Taking Advantage of Slooow Times

Unless you just woke up from a decade-long nap, and are still rubbing your eyes, you recognize that we are in a very difficult economic situation.  Although the recession is apparently over (tell that to shop owners on Pearl Street in Boulder), hiring is minimal, extravagances are history, and budgets are being whittled to the bone.

Empty shops, echoing warehouses, and vacant desks are easy to find; there is no sugarcoating that.  However, with a healthy focus on the opportunities rarely found except in tough times, business owners can make good use of the lull.

Three areas come to mind: protecting your soft assets, shoring up staff agreements and policy, and cutting fat.


Many businesses, when they contract for work involving creativity, simply find a talented artist or craftsman, discuss the price and the work to be done, and call it good.  However, it can make sense to take it a step further, so that not only does the company possess the end product (whether it be computer code, an animated character, costume / uniform design, etc.), they own all rights to it.  By having an attorney draft an effective “ work-for-hire” agreement , the business owner will have a nice tool to ensure that the company who paid for the design owns the design.  A work-for-hire agreement simply states that the hired artist / craftsman is being hired to create content for the company, shall be paid for same, and that the finished content / design product belongs exclusively to the company. Otherwise, the artist / craftsman could conceivably develop the design, claim it for their own, and re-use or re-sell it to others, including the competition.

Another area often overlooked in the hustle-bustle is trade secrets.  When things are cooking and you don’t have a moment to breath, it’s easy to miss something as basic as trade secrets.  These might include customer lists, price lists and even business methodologies.   When reviewing your documents, it probably makes sense to look at the employment documents that your employees sign to see if there is a provision for protecting these valuable assets.  To determine if your employment agreements should address trade secrets , ask yourself “Would my company be harmed if an employee left and then kept / used our customer list, price list, or business methodology”?


Speaking of reviewing things, slow times may offer the best opportunity to review documents relating to your most important assets; your employees.  In addition to making sure that your trade secrets stay safe, secure and where they belong (with you!), many CEO’s ensure that they have confidentiality agreements with all their hires; even warehouse workers and temps may have access to information you would just as soon keep in house.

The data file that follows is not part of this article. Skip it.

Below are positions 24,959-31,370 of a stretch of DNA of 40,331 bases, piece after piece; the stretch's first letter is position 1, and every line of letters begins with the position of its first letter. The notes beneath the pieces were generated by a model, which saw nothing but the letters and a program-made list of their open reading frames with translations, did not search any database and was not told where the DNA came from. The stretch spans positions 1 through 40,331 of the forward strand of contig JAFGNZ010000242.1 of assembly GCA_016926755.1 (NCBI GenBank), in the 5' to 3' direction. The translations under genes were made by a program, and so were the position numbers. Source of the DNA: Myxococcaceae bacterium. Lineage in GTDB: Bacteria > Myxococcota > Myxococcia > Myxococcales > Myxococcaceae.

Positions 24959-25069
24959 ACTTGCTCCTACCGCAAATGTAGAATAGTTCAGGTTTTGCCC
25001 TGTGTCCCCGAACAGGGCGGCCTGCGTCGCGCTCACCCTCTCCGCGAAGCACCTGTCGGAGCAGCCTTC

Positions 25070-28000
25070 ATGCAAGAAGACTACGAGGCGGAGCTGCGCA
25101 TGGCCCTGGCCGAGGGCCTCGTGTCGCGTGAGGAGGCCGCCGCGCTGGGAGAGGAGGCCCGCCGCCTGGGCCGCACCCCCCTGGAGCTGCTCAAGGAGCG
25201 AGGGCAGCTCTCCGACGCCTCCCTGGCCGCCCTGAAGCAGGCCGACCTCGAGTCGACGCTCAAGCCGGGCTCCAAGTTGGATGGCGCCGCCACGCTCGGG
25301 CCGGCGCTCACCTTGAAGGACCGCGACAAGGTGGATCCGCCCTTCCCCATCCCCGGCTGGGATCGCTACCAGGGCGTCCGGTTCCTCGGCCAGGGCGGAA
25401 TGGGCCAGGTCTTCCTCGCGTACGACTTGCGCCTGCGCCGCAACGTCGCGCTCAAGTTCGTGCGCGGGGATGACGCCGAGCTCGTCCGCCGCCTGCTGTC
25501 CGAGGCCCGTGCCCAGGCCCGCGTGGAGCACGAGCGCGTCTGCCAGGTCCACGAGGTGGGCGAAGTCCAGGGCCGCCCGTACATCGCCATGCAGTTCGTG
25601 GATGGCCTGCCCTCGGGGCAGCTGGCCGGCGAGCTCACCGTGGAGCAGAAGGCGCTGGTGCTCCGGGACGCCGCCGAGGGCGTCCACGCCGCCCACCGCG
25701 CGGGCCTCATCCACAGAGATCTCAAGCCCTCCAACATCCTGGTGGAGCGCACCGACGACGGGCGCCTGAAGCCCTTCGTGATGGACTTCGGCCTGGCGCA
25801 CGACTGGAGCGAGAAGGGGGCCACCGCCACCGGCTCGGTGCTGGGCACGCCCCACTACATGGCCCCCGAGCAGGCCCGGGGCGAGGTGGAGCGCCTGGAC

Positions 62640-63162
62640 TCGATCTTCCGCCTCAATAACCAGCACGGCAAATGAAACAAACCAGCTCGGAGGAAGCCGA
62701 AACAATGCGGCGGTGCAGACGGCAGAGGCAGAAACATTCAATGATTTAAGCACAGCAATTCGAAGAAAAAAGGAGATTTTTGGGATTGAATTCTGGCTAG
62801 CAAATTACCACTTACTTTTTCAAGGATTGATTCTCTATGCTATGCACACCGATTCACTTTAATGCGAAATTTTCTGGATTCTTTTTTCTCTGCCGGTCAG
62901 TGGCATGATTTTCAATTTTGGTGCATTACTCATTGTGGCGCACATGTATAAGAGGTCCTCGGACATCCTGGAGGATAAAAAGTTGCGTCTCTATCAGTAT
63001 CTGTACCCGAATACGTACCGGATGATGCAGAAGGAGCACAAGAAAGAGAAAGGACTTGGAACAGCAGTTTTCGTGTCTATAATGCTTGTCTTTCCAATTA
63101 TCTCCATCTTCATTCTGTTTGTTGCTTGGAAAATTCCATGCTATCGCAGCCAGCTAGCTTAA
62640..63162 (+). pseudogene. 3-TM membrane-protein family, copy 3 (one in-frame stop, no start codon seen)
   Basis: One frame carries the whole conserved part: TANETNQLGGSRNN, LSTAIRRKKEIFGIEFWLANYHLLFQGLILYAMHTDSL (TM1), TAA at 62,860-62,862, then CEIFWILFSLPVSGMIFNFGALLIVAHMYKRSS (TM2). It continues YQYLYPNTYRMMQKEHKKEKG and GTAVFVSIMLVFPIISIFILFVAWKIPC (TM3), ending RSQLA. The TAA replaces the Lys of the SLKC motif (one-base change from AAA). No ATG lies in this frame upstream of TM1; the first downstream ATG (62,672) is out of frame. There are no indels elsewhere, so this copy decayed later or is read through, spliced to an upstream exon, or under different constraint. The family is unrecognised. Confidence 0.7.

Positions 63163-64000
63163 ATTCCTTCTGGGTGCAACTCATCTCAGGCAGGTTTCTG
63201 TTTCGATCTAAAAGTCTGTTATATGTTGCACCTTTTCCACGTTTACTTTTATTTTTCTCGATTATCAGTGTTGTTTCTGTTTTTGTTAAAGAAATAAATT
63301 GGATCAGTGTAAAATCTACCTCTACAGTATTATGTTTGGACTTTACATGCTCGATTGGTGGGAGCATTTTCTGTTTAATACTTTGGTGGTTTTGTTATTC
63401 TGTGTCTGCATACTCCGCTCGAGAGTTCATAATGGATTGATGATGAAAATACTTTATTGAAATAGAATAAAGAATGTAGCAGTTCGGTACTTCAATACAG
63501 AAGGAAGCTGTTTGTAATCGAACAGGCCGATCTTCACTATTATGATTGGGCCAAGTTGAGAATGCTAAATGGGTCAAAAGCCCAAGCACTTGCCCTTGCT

Additionally, if your business doesn’t have a formal and comprehensive “No Discrimination, No Harassment” policy in place, what better time to prepare one? As you probably know, discrimination based on race, age, gender and a few other categories are federal offenses that can be very expensive to defend against.  And sexual harassment is a growing source of litigation that can apply to women and men alike, and be quite costly.  A well-crafted policy, along with executed copies kept in employee files, can go a long way towards preventing a lawsuit, or defending one if you get sued.

The funny thing is that employees who are likely to be involved in unscrupulous activities are often the most resistant to signing these kinds of things.  You may run into some flack from them, but in the long run, smart bosses know that a good policy is like money in the bank.  The agreements and policies discuss delicate matters and should be written with the utmost care, so that you are able to walk the fine line between offending people unnecessarily and being unpleasantly exposed to theft or litigation.


One area often overlooked in chaotic and busy times is waste.  Whether it be office supplies or food dropped on the floor, it is far too often written off as “miscellaneous expense” because employees are either too busy or uncertain about what to do with it, or how to account for it.  A lull may be an ideal chance to rectify this problem with a waste-tracking sheet.  Many astute managers prepare a spreadsheet with columns for date, item, amount, reason and initials.  Though it won’t entirely stop waste, it allows you to track more effectively, which may lead to better, more efficient procedures.  If you have extra time after creating the waste spread sheet, it might be wise to perform a thorough inventory of your current merchandise. This is a great way to stay on top of the ebb, flow, and shrink of your products.

And as long as your team has a breather, why not go through and reassess all your vendor contracts?  Not only does this allow you to compare price and competition, but perhaps the tight times will pave the way for negotiating better terms, and locking them in place with a forward-looking contract.

Contact Allan Parr for questions or concerns regarding this article or for other ways to help your business save money and prosper.

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